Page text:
Ever since the first "test tube tomato" hit grocery store shelves more than 20 years ago, genetically modified foods have been a flash point for consumers. Between 2002 and 2012 alone, almost 2,000 studies have concluded GMO safety fears are vastly overblown, but never mind, we're still pretty spooked.
Nearly 40 percent of Americans still believe that genetically modified foods are worse for their health than non-GMOs, according to recent polling data from Pew Research. What's more, 16 percent of respondents stated they "care deeply" about the issue, and these are the people more likely to be skeptical of both GMOs and scientists in general. The research follows a report from last year which found that 57 percent of Americans believed genetically modified foods are generally unsafe.
Anti-GMO advocacy culminated this year in President Obama's signing of a bill requiring genetically-modified labeling on food packaging within the next two years. Still some, including Bernie Sanders, believe the law doesn't go far enough, because its enforcement is weak and loopholes are large. (Meanwhile, the American Association for the Advancement of Science has maintained that "legally mandating…label[s] can only serve to mislead and falsely alarm consumers." Of its members, 88 percent say GM foods are generally safe to eat.)
Looking forward, it's hard to say exactly where the president-elect stands on the issue. Last October, Donald Trump retweeted someone saying, "#BenCarson is now leading in the #polls in #Iowa. Too much #Monsanto in the #corn creates issues in the brain? #Trump #GOP." The post was later deleted and his campaign blamed the misstep on an intern.
Regardless of whether or not Trump actually believes that genetically modified food can have negative impacts on the human body, this kind of high-level paranoia seems to be mirrored in a significant portion of the American public.
While many environmental issues are divided across party lines, Pew found that isn't at all the case with genetic modification perceptions.
"The fact that there are people from across the political spectrum who are concerned about GM food suggests that it's not ideology that's driving it," said Michigan State University professor John Besley, who studies public perception of science. "It's this deeper view about what's natural or normal. People's view of food are driven by gut instincts rather than ideological bent."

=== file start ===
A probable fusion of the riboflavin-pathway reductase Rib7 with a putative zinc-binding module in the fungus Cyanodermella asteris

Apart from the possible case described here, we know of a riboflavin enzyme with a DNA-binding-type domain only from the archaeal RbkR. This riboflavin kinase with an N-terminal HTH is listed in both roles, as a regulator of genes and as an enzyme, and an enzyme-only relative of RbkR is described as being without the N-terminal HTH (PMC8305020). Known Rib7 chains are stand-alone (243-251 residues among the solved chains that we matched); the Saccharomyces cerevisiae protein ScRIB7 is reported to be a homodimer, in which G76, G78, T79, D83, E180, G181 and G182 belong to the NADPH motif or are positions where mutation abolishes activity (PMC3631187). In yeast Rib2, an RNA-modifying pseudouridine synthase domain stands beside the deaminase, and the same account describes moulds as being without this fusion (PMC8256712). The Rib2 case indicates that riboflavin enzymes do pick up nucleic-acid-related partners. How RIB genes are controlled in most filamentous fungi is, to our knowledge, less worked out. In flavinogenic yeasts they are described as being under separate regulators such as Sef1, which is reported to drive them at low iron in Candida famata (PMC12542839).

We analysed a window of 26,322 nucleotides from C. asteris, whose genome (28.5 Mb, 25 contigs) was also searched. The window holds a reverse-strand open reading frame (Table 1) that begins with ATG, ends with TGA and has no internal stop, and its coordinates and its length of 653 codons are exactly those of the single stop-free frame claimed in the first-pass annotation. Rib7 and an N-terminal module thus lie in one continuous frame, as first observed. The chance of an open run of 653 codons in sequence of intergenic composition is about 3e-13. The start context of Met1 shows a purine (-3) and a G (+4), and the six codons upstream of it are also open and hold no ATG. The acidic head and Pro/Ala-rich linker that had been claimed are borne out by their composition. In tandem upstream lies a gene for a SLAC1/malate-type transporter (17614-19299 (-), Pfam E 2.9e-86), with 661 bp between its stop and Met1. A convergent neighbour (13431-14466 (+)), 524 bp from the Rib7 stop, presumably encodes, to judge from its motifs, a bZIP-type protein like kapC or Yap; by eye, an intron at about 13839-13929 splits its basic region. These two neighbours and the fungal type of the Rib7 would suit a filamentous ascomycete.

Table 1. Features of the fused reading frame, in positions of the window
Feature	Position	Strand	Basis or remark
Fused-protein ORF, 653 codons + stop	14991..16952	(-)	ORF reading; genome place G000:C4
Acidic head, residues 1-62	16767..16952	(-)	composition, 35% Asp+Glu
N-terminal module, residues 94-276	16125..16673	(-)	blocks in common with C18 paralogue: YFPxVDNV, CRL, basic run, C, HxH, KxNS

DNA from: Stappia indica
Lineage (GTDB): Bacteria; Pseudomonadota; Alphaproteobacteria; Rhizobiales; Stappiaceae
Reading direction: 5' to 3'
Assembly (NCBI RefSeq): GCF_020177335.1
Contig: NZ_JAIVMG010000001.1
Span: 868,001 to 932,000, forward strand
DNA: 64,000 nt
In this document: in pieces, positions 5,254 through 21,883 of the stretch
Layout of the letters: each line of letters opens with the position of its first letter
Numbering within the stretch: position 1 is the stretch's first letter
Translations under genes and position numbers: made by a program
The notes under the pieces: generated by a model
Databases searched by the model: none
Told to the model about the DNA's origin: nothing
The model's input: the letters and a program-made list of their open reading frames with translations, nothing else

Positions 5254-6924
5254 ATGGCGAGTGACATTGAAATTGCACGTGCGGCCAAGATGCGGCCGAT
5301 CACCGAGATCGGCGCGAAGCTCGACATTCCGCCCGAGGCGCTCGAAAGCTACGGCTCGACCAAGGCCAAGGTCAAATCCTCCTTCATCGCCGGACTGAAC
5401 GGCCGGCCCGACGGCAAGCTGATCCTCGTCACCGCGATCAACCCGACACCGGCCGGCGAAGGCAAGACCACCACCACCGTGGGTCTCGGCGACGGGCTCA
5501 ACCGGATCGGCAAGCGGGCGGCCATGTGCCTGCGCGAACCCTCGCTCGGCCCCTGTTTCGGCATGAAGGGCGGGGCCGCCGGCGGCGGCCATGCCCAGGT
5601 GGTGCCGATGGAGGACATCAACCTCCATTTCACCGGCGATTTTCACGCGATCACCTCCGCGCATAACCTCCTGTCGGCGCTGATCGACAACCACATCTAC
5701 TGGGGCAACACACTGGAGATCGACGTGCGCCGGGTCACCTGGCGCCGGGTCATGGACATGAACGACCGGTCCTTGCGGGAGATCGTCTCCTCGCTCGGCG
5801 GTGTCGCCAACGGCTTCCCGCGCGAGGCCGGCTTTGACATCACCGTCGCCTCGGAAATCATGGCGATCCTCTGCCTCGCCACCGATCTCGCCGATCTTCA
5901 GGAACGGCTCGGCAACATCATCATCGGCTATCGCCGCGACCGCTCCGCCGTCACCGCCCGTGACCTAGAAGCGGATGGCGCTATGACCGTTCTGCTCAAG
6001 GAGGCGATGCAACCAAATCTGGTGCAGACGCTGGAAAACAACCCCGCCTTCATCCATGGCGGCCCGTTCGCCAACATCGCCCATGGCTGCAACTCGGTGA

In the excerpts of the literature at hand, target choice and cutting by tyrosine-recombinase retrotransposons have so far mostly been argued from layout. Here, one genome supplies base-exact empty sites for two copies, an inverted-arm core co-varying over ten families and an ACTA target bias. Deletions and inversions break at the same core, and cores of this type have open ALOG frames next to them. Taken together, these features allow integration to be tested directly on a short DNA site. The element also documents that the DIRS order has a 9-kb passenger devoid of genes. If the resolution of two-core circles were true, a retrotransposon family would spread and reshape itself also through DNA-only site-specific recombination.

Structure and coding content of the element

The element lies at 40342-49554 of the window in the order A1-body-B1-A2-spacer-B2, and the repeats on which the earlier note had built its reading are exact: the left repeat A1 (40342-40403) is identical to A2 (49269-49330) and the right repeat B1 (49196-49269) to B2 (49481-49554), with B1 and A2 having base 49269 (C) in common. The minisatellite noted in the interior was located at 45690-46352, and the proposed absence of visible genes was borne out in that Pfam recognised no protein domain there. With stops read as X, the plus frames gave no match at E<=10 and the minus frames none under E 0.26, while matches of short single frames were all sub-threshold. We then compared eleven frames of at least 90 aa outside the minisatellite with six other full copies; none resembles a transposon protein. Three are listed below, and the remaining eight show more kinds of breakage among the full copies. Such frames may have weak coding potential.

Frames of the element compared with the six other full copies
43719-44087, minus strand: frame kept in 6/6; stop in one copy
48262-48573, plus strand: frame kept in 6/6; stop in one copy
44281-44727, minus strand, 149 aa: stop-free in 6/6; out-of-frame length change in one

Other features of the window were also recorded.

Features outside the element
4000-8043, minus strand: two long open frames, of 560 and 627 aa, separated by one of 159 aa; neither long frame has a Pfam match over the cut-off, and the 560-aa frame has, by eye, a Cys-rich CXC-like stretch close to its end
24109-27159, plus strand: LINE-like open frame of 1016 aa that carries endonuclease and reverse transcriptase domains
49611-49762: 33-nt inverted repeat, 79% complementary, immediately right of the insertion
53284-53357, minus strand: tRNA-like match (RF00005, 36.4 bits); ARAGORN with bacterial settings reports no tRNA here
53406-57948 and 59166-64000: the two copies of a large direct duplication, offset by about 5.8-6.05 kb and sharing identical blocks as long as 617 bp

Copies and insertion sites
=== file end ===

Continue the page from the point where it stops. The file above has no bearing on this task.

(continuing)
The research shows that this staunch adherence to personal beliefs — including distrust of scientists, news media, and the food industry — dictate continued GMO skepticism and public perception that has not yet caught up with the science. That discovery harkens to research conducted last year which found that, GMO skepticism is an area of moral absolutism. In other words, there is no argument strong enough to convince some GMO opponents otherwise.
"Science literacy isn't necessarily always the solution to getting people to hold more positive attitudes towards the topic," Besley said. "People who are already committed to a particular position…are going find ways to question things."
According to Pew Research, which surveyed 1,480 adults across the country, people were nearly as likely to think that a scientists' own political leanings would influence research findings as their concern for the public interest. A large percentage of respondents also felt that a scientist's desire to advance his or her career was equally likely to dictate research findings as actual evidence.
Perhaps the only finding in Pew's report that suggests some kind of hope for more widespread acceptance of genetically-modified foods is that survey respondents also seemed unaware of just how unanimous the consensus surrounding its safety actually is. Over 50 percent of those surveyed said they believed that "about half" or fewer scientists believed that GM foods are safe to eat, a significant underestimation.
In general, GMOs are now used as a case study for how not to roll out a new technology to the public, and looking at the Pew data, it's easy to understand why.
"Those of us who study public opinion often use it as an example of why it's important for scientists to talk to the public and engage with them about new technologies before there's a finished product," Besley said.